For startups, a remote workforce is an attractive way to stretch a dollar.
In major cities, the chances are slim that quality talent and office space are affordable for the bootstrapped or seed-stage startup. Simultaneously, employees, especially millennials in tech, are demanding more flexibility in work schedules and environments. And with the rise of workplace productivity apps such as Slack, Asana, Quip, and others, onboarding and managing a productive remote workforce is more than accomplishable.
All of this has contributed to a remote work trend that only appears to be growing, even as some startups experience remote work failure.
According to Global Workplace Analytics, the number of remote workers who are not self-employed has increased by 103% since 2005. And startups, which are inherently risk-oriented, often espouse remote works’ values the most. To startups, the benefits are clear: real estate costs diminish, employee turnover is decreased, and worker productivity goes up.
As part of our ongoing coverage into how startups are changing and adapting to the Future of Work, we’re taking a closer look at the startups that have embraced the remote work trend.
First up, how many tech companies are remote work-oriented? Let’s find out.
There Are Dozens of Us, Dozens
To get a handle on startups and companies that have majority-remote workforces, we reached out to Remote.co, who maintains a database of such firms. According to Remote’s information, there are at least 112 global startups who operate on a majority-decentralized basis. Startups with at least ten remote employees make up 87 of those on the list.
Aside from Automattic and Github, two unicorns that are known for employing remote workers, there are a number of notable startups and companies in the remote workforce mix. Canonical is the largest remote workforce employer, with approximately 520 remote workers out of 700 total employees. And for Canonical, a distributed team is working: Ubuntu, a Linux operating system developed by the company, is one of the most popular and user-friendly Linux distros available today.
Trello, a kanban-style project management app that recently sold to Atlassian for a tidy $425 million, employs approximately 25 remote workers, amounting to 50% of its workforce. Headquartered in New York City, Trello credits its remote workforce with its ability to recruit top talent.
“Talent is not geographically focused,” Stella Garber, Trello’s VP of Marketing, told Crunchbase News. “You can hire the best people for the job without worrying about having people together in a physical space. That means the whole world is your recruiting oyster, so to speak.”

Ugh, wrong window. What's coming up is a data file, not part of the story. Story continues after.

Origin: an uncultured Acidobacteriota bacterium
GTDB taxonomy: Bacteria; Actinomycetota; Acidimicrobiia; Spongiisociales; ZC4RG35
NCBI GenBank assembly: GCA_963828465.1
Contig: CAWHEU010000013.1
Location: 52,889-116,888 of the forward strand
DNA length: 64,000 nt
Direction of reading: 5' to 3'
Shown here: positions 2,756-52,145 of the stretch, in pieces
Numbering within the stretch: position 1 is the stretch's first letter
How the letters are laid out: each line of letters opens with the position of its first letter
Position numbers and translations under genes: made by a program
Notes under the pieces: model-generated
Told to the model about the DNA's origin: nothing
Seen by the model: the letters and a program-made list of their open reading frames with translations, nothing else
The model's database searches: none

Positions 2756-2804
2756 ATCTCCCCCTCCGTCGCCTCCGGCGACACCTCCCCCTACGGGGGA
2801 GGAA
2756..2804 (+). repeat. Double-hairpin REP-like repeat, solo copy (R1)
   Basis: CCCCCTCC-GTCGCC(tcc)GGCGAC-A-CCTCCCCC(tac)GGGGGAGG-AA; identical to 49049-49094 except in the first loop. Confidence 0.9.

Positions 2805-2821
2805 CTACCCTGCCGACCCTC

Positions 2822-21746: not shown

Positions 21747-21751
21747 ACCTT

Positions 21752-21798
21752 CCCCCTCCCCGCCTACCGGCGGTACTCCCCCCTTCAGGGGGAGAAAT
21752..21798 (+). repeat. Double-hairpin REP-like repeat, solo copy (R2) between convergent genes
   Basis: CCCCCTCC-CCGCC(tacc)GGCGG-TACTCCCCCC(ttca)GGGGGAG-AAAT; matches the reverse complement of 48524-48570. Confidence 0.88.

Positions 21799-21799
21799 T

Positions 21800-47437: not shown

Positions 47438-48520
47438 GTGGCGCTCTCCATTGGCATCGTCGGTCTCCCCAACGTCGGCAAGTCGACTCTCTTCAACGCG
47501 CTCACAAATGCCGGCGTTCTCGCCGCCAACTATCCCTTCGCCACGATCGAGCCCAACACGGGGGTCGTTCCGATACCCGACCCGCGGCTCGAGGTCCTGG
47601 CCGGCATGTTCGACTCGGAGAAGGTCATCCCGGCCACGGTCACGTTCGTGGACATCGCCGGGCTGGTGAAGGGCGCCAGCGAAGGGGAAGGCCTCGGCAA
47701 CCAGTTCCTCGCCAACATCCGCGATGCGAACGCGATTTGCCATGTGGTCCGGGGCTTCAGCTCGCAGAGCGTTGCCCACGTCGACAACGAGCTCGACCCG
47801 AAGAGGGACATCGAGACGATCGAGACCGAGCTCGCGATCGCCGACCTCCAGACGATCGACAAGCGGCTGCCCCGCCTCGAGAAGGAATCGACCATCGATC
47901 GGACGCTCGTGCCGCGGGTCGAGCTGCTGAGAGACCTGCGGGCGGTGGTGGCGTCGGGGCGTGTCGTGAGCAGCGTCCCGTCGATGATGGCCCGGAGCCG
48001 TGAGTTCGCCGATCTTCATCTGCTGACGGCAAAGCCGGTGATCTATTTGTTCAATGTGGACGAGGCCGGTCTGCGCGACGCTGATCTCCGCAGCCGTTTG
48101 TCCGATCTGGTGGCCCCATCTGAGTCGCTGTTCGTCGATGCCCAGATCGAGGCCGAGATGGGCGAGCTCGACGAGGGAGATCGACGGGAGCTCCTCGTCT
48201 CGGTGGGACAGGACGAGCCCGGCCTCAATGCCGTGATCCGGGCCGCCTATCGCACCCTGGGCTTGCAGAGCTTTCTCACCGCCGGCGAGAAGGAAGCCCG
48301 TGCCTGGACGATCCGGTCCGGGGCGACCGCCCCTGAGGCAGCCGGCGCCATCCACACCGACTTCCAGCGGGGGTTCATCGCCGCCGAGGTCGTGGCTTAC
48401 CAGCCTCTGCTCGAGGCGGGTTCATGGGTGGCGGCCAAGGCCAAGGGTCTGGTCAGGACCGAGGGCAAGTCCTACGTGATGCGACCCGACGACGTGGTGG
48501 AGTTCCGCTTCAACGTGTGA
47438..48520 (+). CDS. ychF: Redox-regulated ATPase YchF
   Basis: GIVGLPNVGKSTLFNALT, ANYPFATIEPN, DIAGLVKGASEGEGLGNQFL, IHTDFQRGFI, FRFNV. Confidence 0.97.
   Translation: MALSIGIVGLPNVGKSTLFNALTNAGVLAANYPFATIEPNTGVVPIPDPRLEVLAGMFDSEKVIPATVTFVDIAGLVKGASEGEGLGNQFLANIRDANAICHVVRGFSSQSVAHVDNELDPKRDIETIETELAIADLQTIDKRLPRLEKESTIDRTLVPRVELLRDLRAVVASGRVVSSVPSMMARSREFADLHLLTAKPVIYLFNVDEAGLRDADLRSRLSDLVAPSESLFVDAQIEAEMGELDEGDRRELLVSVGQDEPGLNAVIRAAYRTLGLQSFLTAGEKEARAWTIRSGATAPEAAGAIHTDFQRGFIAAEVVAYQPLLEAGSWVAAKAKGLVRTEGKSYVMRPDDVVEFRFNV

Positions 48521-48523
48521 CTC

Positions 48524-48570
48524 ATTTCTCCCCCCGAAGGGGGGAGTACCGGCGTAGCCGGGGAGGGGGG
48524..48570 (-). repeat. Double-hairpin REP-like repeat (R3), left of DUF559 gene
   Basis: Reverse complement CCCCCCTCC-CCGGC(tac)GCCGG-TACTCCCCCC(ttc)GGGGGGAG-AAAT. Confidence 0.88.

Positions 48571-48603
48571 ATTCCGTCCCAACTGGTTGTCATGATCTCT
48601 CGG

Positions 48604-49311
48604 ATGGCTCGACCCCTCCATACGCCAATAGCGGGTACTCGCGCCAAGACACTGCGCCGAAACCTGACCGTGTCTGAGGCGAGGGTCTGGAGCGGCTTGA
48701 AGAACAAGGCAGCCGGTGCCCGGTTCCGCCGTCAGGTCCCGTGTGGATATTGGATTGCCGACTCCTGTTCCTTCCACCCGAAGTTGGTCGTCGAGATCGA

Trello isn’t the only project management app that has hired a remote workforce. Headquartered out of Portugal, Doist, makers of the project management app Todoist, has a workforce that is 80 percent remote. In Remote.co’s interview with Doist’s founder Amir Salihefendic, the reasoning was similar to Trello’s: remote work gives companies the ability to choose from a global pool of talent.
“Remote work makes it possible to find and attract amazing people around the world — without forcing them to relocate, to deal with visa issues, etc.,” said Salihefendic to Remote.co. “It also makes it possible to provide great benefits to all of our employees, such as flexible work hours.”
But these startups don’t just have talent acquisition incentives in common. Startups, remote or co-located, hire a number developers. Developers, of course, are tech-savvy by definition, making them more amenable to app-managed remote work than your average company employee.
Remote Workers Are Working, But Not At Scale (Yet)
At minimum, startups ran by remote workers have demonstrated they can, up to 500 or so employees, operate at a unicorn valuation. Still, small wins don’t paint a clear picture. For instance, there is no company with a 100% remote workforce that operates at the scale of a Google or Microsoft.
Combined, Automattic and GitHub employ a mere 1,000 employees. That is a paltry number when compared to fellow unicorn Uber, which has nearly 7,000 employees as of April 2016. For now, at least, the size of remote workforces has a potentially low ceiling, putting a damper on hopes that remote work can solve rural unemployment. And while remote workers are less costly, it is not a cost-savings measure that will make up for lack of financial discipline. As Bloomberg reported, GitHub lost over $66 million in the first nine months of 2016.
Regardless, remote work as an idea has sparked the interest of startups who are looking to hire talent outside the Bay area. Assuming remote workforces continue to drive unicorns like Github and Automattic, and high-priced talent continues to demand flexible work options, “Must be willing to move to San Francisco” on resumes may no longer be necessary.